The most exciting politics this summer may not take place at the conventions but in the pages of Gore Vidal's new novel, Lincoln (Random House, $19.95). After having cast his brilliant and jaundiced eye on statesmen as diverse as the last pagan emperor of Rome (1964's Julian) and the Founding Fathers (1973's Burr), Vidal this time examines the most sacred of American political icons. Not surprisingly, the delightfully waspish author finds Lincoln's times—and its people—duly provocative. He limns the President's wife, Mary, as devoted but mad and his Secretary of State, William H. Seward, as truly Machiavellian. The Great Emancipator, though, is treated reverentially. "The United States as we know it," says Vidal, 58, "is his invention."
The social world as we know it, her fans would say, is the invention of Diana Vreeland. She was a confidante of the Duchess of Windsor, supped at El Morocco with Clark Gable ("He was meat, potatoes—and sex"), and advised Jacqueline Kennedy to carry a little sable muff to her husband's inauguration. For more than half a century octogenarian Vreeland, former editor-in-chief of Vogue and now consultant to New York's Metropolitan Museum, has been the imperatrix of an era she now evokes in her chatty memoirs, D.V. (Knopf, $15.95). The method behind her charmed career? "I'm for bashing on and living," says D.V. Make that living well.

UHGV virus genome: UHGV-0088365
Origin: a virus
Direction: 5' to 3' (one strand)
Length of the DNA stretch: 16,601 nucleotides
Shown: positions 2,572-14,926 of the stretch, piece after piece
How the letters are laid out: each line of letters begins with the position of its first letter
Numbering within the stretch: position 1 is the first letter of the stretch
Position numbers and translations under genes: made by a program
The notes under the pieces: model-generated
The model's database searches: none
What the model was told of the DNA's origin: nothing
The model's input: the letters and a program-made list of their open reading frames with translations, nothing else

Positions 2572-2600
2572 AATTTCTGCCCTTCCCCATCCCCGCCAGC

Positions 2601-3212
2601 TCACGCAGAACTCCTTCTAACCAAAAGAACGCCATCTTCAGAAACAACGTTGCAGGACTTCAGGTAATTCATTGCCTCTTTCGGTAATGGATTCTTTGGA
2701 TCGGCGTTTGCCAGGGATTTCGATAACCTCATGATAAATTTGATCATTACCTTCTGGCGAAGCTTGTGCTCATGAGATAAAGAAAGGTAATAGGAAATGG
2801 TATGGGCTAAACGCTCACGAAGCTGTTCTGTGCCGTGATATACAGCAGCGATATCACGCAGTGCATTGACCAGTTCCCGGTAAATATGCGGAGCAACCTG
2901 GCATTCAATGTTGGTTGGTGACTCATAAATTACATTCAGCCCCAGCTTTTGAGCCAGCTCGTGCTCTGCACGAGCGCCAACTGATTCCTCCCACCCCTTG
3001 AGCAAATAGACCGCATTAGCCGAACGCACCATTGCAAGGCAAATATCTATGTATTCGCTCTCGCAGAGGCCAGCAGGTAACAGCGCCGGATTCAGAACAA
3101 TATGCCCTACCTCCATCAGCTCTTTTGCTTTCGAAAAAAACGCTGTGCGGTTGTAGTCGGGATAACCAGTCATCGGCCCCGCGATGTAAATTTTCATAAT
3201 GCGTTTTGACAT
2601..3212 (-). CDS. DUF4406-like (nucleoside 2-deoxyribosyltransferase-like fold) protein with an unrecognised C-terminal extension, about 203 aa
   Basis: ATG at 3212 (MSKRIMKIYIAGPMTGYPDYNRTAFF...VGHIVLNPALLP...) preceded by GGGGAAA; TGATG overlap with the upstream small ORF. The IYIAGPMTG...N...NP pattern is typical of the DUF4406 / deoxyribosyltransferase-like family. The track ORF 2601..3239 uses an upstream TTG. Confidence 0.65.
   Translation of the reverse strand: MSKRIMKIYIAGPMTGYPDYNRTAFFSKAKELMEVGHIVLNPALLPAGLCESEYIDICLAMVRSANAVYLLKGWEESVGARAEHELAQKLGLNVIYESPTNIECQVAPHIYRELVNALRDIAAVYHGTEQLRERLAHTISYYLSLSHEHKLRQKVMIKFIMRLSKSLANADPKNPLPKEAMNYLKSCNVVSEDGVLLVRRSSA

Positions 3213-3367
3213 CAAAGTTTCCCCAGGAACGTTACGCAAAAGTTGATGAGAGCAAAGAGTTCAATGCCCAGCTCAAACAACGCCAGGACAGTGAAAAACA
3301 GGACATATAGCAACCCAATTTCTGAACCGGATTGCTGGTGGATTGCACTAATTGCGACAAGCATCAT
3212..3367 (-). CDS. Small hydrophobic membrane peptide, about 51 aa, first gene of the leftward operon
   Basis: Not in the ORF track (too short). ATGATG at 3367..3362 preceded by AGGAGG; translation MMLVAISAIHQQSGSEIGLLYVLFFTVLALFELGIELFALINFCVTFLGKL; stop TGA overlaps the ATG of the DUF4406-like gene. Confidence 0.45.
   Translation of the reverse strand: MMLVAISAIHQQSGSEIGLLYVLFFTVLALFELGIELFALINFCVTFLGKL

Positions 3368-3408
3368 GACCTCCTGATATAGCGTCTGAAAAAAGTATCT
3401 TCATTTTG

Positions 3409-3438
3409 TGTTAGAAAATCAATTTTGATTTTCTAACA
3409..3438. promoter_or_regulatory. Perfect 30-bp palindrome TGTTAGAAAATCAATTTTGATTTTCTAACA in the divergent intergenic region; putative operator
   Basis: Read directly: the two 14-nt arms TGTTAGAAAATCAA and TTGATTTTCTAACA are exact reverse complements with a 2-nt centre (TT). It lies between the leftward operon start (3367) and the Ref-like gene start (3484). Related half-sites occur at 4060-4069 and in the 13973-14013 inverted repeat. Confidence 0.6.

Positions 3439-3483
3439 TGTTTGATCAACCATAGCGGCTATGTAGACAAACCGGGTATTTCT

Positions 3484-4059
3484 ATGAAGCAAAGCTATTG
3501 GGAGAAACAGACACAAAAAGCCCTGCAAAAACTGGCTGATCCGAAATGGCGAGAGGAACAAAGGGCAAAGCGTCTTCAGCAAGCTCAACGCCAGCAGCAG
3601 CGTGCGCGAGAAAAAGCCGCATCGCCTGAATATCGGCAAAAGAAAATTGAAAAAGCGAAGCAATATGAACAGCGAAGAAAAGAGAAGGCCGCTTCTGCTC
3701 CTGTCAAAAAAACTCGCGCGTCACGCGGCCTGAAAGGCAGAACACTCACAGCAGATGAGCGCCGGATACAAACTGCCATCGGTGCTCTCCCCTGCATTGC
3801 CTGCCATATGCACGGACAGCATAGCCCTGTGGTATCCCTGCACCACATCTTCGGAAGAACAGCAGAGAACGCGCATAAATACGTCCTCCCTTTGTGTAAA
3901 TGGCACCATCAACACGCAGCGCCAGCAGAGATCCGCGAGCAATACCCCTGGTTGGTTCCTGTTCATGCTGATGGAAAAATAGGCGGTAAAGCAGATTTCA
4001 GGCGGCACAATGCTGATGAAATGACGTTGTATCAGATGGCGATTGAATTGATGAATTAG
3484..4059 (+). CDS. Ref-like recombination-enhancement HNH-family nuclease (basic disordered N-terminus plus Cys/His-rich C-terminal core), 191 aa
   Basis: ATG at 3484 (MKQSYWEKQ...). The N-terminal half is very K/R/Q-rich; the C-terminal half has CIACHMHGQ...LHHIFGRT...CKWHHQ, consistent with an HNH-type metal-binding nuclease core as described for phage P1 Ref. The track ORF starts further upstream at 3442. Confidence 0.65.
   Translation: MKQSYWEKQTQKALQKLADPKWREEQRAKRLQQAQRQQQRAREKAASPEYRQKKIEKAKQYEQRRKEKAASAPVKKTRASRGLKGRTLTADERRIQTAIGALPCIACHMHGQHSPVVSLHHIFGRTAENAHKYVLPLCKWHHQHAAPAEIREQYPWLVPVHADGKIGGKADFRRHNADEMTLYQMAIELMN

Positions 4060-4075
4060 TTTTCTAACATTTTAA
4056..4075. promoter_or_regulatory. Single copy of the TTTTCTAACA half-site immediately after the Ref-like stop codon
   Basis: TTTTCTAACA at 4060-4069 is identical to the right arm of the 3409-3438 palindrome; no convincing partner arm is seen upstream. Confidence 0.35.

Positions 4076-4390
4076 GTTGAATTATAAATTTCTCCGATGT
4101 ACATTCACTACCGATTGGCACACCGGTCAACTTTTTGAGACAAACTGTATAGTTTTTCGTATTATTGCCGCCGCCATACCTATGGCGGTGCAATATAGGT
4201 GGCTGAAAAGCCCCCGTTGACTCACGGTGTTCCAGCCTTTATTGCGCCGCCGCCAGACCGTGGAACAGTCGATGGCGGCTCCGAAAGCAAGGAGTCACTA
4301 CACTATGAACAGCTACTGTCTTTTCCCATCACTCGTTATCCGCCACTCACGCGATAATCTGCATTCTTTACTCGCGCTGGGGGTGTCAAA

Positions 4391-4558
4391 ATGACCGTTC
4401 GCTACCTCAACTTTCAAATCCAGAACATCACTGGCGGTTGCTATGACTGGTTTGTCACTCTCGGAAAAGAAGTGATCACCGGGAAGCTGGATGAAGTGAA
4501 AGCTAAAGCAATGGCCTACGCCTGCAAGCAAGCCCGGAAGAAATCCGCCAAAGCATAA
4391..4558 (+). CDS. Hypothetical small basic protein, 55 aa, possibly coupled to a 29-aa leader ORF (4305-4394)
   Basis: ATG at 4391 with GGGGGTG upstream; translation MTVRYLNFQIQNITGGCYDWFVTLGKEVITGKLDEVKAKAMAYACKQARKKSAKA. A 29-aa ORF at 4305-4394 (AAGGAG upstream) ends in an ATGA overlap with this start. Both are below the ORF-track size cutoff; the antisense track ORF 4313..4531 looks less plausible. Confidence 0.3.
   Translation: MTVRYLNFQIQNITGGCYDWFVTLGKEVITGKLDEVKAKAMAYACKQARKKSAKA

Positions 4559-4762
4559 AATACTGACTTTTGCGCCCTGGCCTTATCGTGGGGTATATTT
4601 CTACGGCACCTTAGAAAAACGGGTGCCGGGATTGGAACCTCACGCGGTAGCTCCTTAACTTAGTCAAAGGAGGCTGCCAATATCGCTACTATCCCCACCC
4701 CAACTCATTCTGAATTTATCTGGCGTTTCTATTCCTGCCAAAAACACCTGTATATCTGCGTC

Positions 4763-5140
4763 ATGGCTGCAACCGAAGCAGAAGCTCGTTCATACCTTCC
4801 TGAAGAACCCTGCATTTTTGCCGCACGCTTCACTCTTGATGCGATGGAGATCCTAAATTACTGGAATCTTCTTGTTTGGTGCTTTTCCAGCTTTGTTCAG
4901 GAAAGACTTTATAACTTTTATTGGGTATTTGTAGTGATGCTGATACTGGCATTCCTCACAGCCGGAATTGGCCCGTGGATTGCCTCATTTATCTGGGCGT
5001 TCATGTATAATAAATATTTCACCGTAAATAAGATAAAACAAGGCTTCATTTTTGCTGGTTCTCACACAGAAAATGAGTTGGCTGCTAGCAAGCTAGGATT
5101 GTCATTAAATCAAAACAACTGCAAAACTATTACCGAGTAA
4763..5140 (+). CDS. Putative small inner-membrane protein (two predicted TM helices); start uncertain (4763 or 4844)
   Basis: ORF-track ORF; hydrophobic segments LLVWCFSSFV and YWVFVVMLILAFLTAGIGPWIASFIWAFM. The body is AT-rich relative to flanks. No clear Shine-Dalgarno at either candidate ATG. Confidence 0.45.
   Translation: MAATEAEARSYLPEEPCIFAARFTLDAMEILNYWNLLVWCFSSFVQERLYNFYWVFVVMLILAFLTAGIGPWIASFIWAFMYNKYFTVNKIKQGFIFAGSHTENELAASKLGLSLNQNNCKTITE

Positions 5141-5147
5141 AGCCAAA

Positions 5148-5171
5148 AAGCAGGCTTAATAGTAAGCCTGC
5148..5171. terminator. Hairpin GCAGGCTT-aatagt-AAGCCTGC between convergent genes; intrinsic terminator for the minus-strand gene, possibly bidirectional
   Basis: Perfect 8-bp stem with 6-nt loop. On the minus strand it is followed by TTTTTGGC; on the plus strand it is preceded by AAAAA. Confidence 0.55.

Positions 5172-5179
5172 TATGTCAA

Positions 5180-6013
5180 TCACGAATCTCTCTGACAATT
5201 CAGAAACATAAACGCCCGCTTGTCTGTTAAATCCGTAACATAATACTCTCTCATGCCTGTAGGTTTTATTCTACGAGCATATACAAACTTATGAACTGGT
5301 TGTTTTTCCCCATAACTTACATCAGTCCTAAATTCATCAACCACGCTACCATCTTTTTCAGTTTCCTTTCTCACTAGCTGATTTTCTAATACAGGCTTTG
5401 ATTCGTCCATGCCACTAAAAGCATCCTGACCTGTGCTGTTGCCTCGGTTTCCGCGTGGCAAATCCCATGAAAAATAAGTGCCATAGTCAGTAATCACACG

Another expert on that subject is model Cristina Ferrare, who says that if you want to add a little zip to your next dinner party, invite a famous musician, politician—or trial lawyer. (Surely everyone has such friends.) Ferrare's zest for living seems little dampened by husband John De Lorean's courtroom woes. Indeed, in her new book, Style (Simon and Schuster, $16.95), Ferrare, 34, counsels on dressing for success (not distress), decorating with dash and dieting without, ah, jailhouse deprivation. Alas, right at the outset, she warns readers not to go overboard in their expectations. "Face it: You're never going to look exactly like Cheryl Tiegs," cautions Ferrare. "Or me."
For more sober summer reading, try Peter Bogdanovich's The Killing of the Unicorn: Dorothy Stratten: 1960-1980 (William Morrow, $12.95). The film director describes the star-crossed life of the Canadian beauty turned Playboy model and actress who was murdered by her estranged husband. (Mariel Hemingway played Stratten in the 1983 film Star 80.) Bogdanovich, 44, Dorothy's lover for the last five months of her life, says his book is a love story, an anatomy of a murder and an examination of the corruptive morals of Hollywood.
The morals of small-town New England life are, once again, the inspiration for John Updike in The Witches of Eastwick (Knopf, $15.95). But this time his alchemy bubbles unexpectedly. The heroines are three gossipy, hedonistic witches who blithely do away with spouses they don't like and quest for better mates. Though feminists may bristle, the prose is spellbinding.
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